During the 12 years I have been speaking to students, there have been a number of times when I have left schools feeling so burdened by the state of our culture that my chest literally felt heavy when I walked out the door of the school. Let me tell you about one of those days.
When speaking to a group of 8th grade students, there was a statement made by one of the students that really saddened me. I was talking about the issue of teen pregnancy and telling them how selfish and unfair it was for teens to make decisions to have sex because that decision could result in an innocent child having to pay the price for their choice if a pregnancy occurs.
A young lady interrupted me to say just because a girl got pregnant as a teenager didn’t mean she couldn’t still make something of her life and give her child a good life. She used her cousin as an example and said the following:
My cousin had four kids by the age of 17 (the first one was born when she was 12) and she now has 6 kids. All of her kids are doing fine. So you can’t say that being a teen mom messes up your life.
I thought to myself, “Where do I start in addressing this girl's mentality when it is this flawed?!?”
I reminded her that I didn’t say a teen mom couldn’t go on to become successful. But I was saying it would be more difficult for her to do so than it would have been without a baby. I also told her just because she thought her cousin’s children were doing fine, she really didn’t know what or how they were feeling inside (or faring outside, for that matter).
It is unfathomable to me that anyone (even a 14-year-old 8th grade girl), could believe that a 17-year-old mom with four kids is a good thing. When this young lady doesn’t believe teen pregnancy impacts one’s life negatively, there is little motivation for her not to end up in a similar situation.
Many people think the answer to the issue of teenage pregnancy is more education about and access to birth control. My experiences over the past 10 years have convinced me otherwise.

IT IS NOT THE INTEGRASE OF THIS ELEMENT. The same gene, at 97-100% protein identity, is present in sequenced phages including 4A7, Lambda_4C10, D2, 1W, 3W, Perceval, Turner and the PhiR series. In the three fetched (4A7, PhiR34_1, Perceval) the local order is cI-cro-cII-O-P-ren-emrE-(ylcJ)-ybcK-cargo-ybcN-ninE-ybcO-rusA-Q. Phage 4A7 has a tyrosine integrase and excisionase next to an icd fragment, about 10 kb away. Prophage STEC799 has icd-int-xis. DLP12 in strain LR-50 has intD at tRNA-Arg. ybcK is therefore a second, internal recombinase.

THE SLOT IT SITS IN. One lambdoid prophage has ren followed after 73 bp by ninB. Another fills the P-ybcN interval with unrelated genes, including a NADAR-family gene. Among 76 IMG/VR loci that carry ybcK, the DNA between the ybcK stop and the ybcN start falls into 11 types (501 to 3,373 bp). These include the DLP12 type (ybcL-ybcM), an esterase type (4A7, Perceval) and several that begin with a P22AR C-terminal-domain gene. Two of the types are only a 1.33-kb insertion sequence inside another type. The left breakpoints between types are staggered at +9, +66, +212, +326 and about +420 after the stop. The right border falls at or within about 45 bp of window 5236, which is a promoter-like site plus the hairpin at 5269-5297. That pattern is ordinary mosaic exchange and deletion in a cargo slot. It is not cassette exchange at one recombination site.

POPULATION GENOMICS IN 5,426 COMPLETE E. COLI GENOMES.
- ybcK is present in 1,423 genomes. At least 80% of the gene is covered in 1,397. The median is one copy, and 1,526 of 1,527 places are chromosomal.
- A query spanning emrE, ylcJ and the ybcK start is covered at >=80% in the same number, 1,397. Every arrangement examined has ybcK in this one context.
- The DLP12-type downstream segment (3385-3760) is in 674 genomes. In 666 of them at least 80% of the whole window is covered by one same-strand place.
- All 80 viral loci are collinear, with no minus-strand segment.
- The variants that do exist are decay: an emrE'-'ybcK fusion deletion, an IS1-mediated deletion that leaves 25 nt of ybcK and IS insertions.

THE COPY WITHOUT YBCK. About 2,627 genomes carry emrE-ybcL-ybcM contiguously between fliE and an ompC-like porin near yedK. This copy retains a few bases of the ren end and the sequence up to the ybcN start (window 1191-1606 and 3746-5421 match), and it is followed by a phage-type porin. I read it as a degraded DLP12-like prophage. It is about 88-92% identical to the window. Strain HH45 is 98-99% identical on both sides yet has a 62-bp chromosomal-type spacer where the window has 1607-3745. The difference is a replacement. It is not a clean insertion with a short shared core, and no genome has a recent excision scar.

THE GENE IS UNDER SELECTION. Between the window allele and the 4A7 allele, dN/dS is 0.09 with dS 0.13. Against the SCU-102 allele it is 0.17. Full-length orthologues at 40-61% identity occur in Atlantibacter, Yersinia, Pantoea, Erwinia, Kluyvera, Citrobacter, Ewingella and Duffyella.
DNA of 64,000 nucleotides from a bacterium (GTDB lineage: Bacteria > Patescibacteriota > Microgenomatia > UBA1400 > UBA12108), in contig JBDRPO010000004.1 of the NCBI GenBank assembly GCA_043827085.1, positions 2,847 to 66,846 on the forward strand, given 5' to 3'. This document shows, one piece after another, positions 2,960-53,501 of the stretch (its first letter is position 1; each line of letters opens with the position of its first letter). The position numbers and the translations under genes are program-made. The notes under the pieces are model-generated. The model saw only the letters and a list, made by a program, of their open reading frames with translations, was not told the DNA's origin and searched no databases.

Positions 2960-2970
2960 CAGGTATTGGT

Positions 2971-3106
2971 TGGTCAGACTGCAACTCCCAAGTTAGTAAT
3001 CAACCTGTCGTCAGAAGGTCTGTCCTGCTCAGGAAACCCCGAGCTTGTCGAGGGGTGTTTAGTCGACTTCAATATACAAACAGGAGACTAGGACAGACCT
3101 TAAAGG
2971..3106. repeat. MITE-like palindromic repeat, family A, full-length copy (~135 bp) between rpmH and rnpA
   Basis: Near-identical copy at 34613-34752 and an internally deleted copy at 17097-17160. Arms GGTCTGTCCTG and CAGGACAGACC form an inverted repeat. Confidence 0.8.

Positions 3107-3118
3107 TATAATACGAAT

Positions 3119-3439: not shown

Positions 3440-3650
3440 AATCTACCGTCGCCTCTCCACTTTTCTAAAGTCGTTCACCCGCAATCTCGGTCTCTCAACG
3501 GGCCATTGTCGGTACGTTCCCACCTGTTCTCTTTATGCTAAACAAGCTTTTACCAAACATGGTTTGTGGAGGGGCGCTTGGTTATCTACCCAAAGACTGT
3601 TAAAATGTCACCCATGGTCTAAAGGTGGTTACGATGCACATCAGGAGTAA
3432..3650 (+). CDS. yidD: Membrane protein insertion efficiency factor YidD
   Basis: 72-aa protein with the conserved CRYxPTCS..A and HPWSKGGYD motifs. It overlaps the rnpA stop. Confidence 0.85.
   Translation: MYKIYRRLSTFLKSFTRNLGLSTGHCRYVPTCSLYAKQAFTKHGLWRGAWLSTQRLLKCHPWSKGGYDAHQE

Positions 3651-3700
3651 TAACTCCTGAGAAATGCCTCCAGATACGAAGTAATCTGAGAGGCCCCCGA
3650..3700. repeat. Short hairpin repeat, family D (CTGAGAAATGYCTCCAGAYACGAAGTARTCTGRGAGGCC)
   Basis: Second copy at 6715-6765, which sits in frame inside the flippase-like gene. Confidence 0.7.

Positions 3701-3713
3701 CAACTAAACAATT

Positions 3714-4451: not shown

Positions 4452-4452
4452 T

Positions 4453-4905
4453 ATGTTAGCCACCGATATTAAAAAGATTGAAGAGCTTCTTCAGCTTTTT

We can provide all the education we want about birth control (ensuring that teens have access to it and understand how to properly use it). But, as long as this attitude, that teen pregnancy has little or no negative impact on the mother’s or her children’s lives, prevails, teens will not use the birth control because they are not trying to avoid a pregnancy. That's why I stopped having a goal of preventing pregnancies years ago. Today, my goal is much higher than that!
The greater danger for most of us lies not in setting our aim too high and falling short; but in setting our aim too low and achieving our mark. ~Michelangelo
I am trying to pull GREATNESS out of these young people. I am trying to help them understand their purpose in life so they can come to the decision themselves that anything that has the potential of keeping them from becoming all they can be is not worth it!
“How do I do that?” you ask. By:
- Challenging them to find something to say YES to (a dream, goal or vision—something they want so badly that they won’t let anything or anyone keep them from getting it)!
- Encouraging them to create a vision of the perfect life they want to have as an adult.
- Showing them the correlation between their choices and their futures, both negative and positive (i.e. teen pregnancy and poverty; graduating high school/college and a higher income).
When you can get young people to value themselves and their futures, you have a much better chance of preventing them from making bad decisions that could derail those futures.
We don't have a "sex" problem! We have a "lack of value" problem!
Have you come across this mentaility when working with youth? If so, what have you found effective in addressing it?